Shipbroker Galbraiths forecasts that upcoming efficiency and emissions standards for existing ships will likely have an impact on the supply of tonnage in the tanker and bulker markets. The pressure on supply is likely to result from lower average operating speeds and possibly increased demolition as the result of the Energy Efficiency Existing Ship Index (EEXI).

Under the new International Maritime Organization standards, vessels will have to comply with new efficiency and emissions standards that are around a 15% to 20% improvement on historic standards set out in a 2008 baseline. The new regulation will likely be enforced from 2023.

In a new report looking into the potential impact, Galbraiths estimates that only around 28% of tonnage in the MR to VLCC size ranges of the tanker market complies with the required EEXI standard. Under the regulation, non-compliant vessels will have to make improvements to continue to trade. However, there are wide variations within tanker types. Because of the comparatively young age of the MR tanker fleet, Galbraiths said there is a high proportion of vessels in compliance compared to the older suezmax fleet.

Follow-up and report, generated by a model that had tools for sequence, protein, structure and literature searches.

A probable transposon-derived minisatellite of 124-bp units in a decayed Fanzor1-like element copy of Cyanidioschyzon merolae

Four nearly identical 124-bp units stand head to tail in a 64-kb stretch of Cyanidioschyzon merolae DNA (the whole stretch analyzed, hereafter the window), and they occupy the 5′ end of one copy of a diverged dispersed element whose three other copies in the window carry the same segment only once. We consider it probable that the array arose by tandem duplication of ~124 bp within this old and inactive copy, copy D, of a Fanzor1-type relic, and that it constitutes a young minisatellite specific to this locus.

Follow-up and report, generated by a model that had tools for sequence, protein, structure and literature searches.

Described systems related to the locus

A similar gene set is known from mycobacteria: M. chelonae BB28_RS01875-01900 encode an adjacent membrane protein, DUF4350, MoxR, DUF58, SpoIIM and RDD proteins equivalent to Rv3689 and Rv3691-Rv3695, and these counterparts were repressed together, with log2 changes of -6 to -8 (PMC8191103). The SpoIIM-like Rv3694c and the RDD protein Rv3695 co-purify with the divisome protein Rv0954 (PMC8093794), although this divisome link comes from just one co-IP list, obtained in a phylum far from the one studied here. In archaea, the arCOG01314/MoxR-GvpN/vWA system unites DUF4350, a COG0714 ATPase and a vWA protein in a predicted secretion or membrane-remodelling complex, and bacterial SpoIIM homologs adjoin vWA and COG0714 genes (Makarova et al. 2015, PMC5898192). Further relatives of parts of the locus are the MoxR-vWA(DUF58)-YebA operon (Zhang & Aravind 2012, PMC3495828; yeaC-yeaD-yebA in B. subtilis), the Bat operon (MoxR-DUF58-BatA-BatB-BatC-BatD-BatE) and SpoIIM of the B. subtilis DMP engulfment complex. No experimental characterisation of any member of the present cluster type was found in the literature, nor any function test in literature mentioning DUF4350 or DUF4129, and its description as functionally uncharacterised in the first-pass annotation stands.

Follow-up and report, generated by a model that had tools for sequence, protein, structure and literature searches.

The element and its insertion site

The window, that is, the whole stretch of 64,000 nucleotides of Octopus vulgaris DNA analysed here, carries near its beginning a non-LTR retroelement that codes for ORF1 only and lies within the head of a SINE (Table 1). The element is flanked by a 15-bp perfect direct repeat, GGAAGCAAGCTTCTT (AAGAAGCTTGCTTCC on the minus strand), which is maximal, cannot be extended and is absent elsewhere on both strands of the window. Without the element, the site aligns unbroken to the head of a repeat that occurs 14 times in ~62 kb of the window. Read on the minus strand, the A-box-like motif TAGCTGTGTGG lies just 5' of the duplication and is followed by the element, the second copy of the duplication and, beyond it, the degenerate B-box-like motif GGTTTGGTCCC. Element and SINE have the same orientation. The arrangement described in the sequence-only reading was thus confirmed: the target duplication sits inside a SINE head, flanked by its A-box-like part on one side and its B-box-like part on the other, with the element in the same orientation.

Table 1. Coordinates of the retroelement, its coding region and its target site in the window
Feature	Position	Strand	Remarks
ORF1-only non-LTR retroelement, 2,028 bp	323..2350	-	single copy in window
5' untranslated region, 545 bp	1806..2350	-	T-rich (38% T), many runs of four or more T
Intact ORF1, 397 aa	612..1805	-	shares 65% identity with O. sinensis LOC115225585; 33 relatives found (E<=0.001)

It is a similar picture in the dry bulk markets, where most older vessels will be required to improve efficiency and emissions performance. Around two-thirds of the tanker and bulker market is expected to be impacted by the regulation.

Amongst older vessels, and even those vessels only around 10 years of age, a significant majority do not currently appear to be operating at the required levels of carbon intensity that will be required under EEXI,” Galbraiths said. The options left for shipowners to improve their EEXI rating include power limitation, which will also restrict the speed of vessels, adoption of energy-saving devices and using alternative low-carbon fuels.

In effect, lower speeds would reduce tonnage supply capacity while it could also encourage the operators of older tonnage to consider scrapping their vessels earlier than planned. “It is therefore likely that vessel supply will be squeezed by vessels’ average speed reducing with vessels fitting engine power limit devices, an increase in dry docking and, for older tonnage, an increased incentive to scrap and for owners to look at fleet renewal,” Galbriaths said.